It is surprising that any allegation of fraud against a bank still has the capacity to shock.
But the launch of a lawsuit by New York attorney general Eric Schneiderman complaining that Barclays mis-represented to US equity investors that they would be protected against high-frequency traders in its dark pool while routing a disproportionately high volume of their trades into a pool full of exactly such predatory traders caused the bank’s share price to fall 8% in one day at the end of last month.
Schneiderman says: “Barclays grew its dark pool by telling investors they were diving into safe waters. According to the lawsuit, Barclays’ dark pool was full of predators – there at Barclays’ invitation.”
While the business is only a modest source of revenue for Barclays – TABB group estimates the three biggest bank-operated US equity dark pools, run by Barclays, UBS and Credit Suisse, in aggregate produced combined revenues of between $60 million to $90 million last year – the worry for investors in Barclays is twofold.
Second, as investors awaited the final figure for the fine to be imposed on BNP Paribas for violating US sanctions against dealing with Iran last month, some may have feared that the latest allegations put at risk the non-prosecution agreement Barclays struck with the US Department of Justice back in 2012.
Barclays’ share price has already been hit by declines in its signature FICC business and by concern over execution risk around its plans to shrink the investment bank. Despite a brief rally at the start of May on news that the bank would sharply reduce RWAs connected with the macro rates business, the shares fell 20% in the first half of this year.
Analysts at Credit Suisse point out: “Litigation costs are a challenge to Barclays executing its strategic plan, as they put pressure on the capital base, which based on our estimates pro-forma for litigation, is the weakest of the peer group.”
Credit Suisse has attempted one of the more comprehensive analyses of European banks’ reserved and potential litigation losses and the bad news for investors is, that far from getting better, the problem is getting worse and possibly much worse.
Credit Suisse says: “Sector litigation costs continue to be substantial and increasing – we estimated $104 billion of total litigation costs ‘[in a report published early last month], up from a $58 billion estimate the year before, and we see upward risk to this estimate. We have seen banks with legacy litigation risk starting to materially underperform those less exposed.”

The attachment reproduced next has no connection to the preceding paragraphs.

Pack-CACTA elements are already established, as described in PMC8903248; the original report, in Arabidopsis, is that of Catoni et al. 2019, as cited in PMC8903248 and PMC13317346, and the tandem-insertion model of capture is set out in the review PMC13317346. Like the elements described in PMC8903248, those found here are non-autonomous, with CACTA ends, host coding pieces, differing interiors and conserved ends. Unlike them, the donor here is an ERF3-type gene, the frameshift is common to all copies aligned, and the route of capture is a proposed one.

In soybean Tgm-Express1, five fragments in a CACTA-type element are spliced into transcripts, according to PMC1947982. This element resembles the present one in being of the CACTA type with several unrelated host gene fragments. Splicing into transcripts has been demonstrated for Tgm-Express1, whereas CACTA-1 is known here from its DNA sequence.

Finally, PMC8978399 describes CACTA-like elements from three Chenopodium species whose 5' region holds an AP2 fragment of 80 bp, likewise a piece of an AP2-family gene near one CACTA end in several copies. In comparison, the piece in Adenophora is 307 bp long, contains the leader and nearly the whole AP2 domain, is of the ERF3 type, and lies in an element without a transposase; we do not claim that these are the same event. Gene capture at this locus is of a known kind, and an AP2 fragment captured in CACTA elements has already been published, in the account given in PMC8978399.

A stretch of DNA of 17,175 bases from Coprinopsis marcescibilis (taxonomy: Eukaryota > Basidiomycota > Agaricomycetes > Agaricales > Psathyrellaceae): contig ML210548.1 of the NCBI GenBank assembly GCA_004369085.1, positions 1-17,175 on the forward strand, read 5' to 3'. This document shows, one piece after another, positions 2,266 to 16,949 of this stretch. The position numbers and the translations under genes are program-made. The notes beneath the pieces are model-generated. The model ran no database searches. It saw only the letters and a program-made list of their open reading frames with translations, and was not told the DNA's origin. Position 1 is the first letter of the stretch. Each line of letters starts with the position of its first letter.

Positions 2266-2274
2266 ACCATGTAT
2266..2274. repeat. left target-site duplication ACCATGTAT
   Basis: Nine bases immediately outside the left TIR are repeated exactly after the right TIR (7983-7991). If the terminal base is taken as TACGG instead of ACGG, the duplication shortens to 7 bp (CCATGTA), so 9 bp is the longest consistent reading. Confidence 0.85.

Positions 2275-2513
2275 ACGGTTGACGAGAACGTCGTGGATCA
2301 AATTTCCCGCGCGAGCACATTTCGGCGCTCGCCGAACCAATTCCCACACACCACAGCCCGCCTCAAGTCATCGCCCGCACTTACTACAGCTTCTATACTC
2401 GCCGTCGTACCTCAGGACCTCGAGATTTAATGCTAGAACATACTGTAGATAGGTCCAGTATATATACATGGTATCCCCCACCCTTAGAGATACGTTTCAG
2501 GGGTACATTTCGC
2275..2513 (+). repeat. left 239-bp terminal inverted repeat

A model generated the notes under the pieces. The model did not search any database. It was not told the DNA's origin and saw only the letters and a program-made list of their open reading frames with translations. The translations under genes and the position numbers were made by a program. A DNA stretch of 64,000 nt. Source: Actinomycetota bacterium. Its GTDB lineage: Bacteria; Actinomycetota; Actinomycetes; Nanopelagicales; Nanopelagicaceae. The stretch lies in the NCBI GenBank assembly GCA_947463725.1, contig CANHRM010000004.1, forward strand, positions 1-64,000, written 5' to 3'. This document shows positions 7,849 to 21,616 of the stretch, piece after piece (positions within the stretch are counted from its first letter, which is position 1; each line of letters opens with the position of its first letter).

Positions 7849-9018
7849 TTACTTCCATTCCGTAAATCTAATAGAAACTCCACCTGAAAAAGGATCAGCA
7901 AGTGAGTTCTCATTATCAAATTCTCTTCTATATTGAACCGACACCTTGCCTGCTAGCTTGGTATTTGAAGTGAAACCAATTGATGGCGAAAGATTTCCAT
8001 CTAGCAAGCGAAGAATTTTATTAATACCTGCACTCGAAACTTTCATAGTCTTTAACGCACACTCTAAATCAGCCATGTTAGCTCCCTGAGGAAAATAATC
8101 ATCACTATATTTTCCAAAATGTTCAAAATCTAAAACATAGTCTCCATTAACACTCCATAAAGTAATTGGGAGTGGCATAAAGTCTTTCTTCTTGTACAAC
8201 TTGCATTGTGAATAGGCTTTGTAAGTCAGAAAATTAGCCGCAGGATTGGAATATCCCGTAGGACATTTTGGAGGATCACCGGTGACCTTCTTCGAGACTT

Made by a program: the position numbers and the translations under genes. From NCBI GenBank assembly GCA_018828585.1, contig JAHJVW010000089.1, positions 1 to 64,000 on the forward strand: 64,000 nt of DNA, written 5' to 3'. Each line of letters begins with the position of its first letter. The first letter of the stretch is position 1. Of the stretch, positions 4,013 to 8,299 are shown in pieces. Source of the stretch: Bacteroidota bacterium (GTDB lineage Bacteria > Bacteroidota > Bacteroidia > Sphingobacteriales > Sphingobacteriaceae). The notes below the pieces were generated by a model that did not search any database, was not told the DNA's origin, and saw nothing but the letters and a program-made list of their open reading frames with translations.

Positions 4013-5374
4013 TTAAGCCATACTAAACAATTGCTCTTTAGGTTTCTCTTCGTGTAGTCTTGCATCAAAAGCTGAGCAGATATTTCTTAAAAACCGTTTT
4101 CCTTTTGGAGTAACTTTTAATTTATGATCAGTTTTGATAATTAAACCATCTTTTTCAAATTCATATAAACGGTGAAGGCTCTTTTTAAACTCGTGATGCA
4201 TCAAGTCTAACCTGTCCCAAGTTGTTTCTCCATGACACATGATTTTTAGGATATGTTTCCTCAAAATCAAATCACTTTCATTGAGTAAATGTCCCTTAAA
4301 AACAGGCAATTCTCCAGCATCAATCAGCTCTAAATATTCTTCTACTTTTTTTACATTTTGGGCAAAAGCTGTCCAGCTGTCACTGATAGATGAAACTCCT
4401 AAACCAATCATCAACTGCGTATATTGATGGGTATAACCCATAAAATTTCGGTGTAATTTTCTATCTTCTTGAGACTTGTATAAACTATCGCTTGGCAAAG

That $104 billion estimate equates to almost half what European banks lost in the credit markets following the US sub-prime mortgage meltdown that led to widespread failures in the banking system and national rescues. While litigation costs will not spark such carnage, worryingly, banks’ provisions are below such costs by some $39 billion.
The list of most exposed banks, looking at potential litigation charges as a percentage of tangible net asset value, include: HSBC, RBS, Barclays, Deutsche Bank, UBS, BNP Paribas, Crédit Agricole, Julius Baer and Société Générale, with the biggest share of exposures, from a thoroughly depressing list, relating to Libor and other market manipulation, followed by product miss-selling, US mortgage related suits, US embargoes and sanctions, mis-representation of financial statements and tax evasion.
How will banks cover such charges? It has been a busy year for bank issuers in the equity capital markets in Europe but ECM bankers expect the flow of bank rights issues to decline over the coming months.
“It remains to be seen if the asset quality review and the stress test by the ECB will trigger another round of equity raising, “ says Craig Coben, head of Emea equity capital markets at Bank of America Merrill Lynch. “We’ve seen a lot of flow into periphery banks stocks from investors that were previously heavily underweight but now deem these an attractive recovery play. But my own view is that we’re coming to the end of capital raising by European banks.”
But analysts at Credit Suisse expect regulators to ensure banks have adequate buffers against litigation risk, even when they cannot designate forward looking provisions against them, by adding on RWAs for operational risk. US regulators have also pushed up operational risk RWAs at JPMorgan, Citi and Morgan Stanley in recent months.
Credit Suisse points out that the shares of banks most exposed to litigation risk have underperformed the sector by 25% since October 2013 and it expects this diversion to widen further.